Building upon this inspiration, I worked closely with Gina Russo, a PhD student in Chinese history at Stanford University, to compile a list of recently completed PhDs and potential reviewers. Starting on 17 October 2010 with two posts—David Luesink's review of Li Chen's 2009 dissertation, 'Law and Sensibility of Empire in the Making of Modern China, 1750-1900', and Chris Leighton's review of Jeremy Brown's 2008 dissertation, 'Crossing the Urban-Rural Divide in Twentieth Century China'—the site was off and running in a big way. Over the following six months, we went on to feature seventeen reviews in all, as well a handful of short pieces on the nuts and bolts of doing research in Chinese history. Collectively, these twenty posts were read a total of nearly 10,000 times, representing a wonderful and much deserved introduction of this cutting-edge work to the scholarly community.
Initial Growth of the Site
Shortly after the site was launched in the northern autumn of 2010, plans were put in place to begin a small expansion of the purview of the site into Korean Studies and Japan Studies. The Korean Studies branch, which has to date focused exclusively on the social sciences, has been edited by Nancy Abelmann and Laura Nelson. Nancy Abelmann is Associate Vice Chancellor for Research and Harry E. Preble Professor of Anthropology, Asian American Studies, and East Asian Languages and Cultures at the University of Illinois at Urbana-Champaign. Laura Nelson is Associate Professor and Chair of Anthropology at California State University East Bay. Thus far we have featured four reviews of cutting-edge work in Korean Studies, with authors and reviewers hailing from Middlebury, UC Berkeley, UC Irvine, University of Wisconsin-Madison, Loyola Marymount, University of Texas Austin and Columbia University.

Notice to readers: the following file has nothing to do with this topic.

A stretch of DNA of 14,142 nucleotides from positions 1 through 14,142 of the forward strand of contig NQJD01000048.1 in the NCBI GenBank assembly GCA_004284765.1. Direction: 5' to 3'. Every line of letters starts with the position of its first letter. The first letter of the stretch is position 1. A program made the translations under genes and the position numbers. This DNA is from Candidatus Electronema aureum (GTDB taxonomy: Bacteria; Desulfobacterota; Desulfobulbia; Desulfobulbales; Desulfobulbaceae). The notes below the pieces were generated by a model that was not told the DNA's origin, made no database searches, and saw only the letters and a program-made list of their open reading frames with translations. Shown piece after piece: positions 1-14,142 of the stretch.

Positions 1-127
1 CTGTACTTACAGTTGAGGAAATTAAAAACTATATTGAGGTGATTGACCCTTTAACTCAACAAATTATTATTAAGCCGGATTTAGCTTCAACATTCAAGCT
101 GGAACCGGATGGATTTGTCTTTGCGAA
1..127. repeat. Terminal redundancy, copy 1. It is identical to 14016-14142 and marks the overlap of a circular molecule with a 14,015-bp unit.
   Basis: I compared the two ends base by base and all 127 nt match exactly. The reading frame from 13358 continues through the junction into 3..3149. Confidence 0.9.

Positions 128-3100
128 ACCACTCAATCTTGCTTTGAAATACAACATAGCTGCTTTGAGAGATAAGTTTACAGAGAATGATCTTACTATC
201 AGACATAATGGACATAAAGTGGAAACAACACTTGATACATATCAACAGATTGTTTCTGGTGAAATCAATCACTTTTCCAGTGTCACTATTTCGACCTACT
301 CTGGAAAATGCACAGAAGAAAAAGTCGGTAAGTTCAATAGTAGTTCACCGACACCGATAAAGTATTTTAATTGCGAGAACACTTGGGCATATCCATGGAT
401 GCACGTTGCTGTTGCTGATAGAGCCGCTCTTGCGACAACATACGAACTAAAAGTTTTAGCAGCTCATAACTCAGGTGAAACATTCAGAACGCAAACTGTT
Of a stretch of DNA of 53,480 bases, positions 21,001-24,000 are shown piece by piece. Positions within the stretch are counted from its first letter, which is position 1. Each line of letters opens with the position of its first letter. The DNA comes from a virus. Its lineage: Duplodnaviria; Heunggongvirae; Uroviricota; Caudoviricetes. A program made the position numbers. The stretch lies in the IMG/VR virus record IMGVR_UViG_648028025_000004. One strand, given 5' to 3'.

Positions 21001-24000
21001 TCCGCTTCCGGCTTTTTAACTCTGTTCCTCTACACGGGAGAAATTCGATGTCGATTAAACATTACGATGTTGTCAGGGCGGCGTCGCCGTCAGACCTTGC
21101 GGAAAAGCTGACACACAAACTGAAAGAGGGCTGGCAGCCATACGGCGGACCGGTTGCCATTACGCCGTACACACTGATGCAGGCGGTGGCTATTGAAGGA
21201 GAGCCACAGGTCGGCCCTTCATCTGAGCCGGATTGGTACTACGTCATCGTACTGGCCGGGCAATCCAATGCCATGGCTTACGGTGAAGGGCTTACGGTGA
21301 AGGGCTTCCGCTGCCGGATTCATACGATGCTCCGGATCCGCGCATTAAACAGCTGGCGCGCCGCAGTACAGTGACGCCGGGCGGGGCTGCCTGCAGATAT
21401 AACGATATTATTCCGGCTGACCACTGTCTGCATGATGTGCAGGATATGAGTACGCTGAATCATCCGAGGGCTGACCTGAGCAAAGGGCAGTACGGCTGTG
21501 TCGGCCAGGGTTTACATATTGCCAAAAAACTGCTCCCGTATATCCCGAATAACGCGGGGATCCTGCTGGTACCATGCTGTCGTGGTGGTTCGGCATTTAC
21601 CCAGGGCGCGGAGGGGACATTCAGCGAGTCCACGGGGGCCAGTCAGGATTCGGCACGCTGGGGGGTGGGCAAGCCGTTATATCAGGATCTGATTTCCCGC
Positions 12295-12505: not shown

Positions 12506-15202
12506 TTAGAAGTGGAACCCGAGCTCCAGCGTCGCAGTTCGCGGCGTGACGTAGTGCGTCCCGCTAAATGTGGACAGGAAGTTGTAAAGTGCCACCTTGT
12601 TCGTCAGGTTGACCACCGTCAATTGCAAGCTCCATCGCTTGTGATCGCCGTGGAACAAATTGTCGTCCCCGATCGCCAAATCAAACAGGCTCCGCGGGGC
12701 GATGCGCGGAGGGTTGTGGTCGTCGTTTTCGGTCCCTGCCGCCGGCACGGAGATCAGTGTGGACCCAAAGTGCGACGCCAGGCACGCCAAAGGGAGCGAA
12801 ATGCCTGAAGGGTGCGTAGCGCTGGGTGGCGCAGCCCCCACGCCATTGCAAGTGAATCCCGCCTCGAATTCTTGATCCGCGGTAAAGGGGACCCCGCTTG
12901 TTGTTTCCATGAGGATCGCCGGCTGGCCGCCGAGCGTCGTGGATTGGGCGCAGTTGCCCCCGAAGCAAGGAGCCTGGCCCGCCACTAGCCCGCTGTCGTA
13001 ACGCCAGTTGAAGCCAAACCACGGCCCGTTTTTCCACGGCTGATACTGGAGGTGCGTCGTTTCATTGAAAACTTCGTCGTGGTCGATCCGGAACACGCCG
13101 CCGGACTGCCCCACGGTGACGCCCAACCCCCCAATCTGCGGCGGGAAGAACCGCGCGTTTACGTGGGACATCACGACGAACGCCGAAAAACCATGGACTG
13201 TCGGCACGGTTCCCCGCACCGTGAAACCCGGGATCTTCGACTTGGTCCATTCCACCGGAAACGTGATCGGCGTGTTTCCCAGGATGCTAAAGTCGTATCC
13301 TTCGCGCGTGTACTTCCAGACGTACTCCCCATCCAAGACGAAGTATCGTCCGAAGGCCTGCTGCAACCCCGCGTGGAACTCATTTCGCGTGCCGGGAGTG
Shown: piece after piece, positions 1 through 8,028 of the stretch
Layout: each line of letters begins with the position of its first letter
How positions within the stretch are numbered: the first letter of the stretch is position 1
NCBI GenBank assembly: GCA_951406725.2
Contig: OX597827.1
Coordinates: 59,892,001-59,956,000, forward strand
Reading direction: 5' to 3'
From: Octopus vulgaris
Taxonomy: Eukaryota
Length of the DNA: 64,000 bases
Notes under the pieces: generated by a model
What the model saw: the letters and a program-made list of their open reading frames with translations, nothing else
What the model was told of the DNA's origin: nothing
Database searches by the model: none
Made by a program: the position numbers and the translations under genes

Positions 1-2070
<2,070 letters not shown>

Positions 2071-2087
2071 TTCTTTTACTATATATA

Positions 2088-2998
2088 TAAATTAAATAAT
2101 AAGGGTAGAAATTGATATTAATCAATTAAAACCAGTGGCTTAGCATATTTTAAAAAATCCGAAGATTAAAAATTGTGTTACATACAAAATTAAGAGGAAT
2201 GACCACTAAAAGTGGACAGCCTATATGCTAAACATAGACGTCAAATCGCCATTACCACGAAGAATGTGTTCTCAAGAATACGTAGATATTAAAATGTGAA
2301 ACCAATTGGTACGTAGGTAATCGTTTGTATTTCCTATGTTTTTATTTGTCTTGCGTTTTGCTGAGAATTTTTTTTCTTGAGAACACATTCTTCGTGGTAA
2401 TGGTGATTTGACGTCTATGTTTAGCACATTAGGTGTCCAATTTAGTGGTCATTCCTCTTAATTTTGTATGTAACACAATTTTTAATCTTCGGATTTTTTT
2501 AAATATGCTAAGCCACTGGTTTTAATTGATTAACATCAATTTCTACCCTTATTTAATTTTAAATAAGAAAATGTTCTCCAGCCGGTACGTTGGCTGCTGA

The new Japan Studies branch has featured eight reviews so far of dissertations across the humanities and social sciences, with authors and reviewers from Harvard, University of Pennsylvania, Lasell College, University of Toronto, Cornell, Indiana, Wittenburg, Case Western Reserve, UCLA, UC Santa Barbara, University of Chicago, William and Mary, and the University of Washington. The Japan branch is edited by my colleague and old friend Dennis Frost. Dennis is Wen Chao Chen Assistant Professor of East Asian Studies at Kalamazoo College.
The site has been sustained and supported by a vibrant online community. On Facebook our group has grown to over 1100 friends and colleagues, with many of our reviews being reposted 50-100 times. By way of social networking sites, blog reposts and related means, most reviews are read roughly 300 times in the first week alone, with readers continuing to visit older reviews well after their initial publication.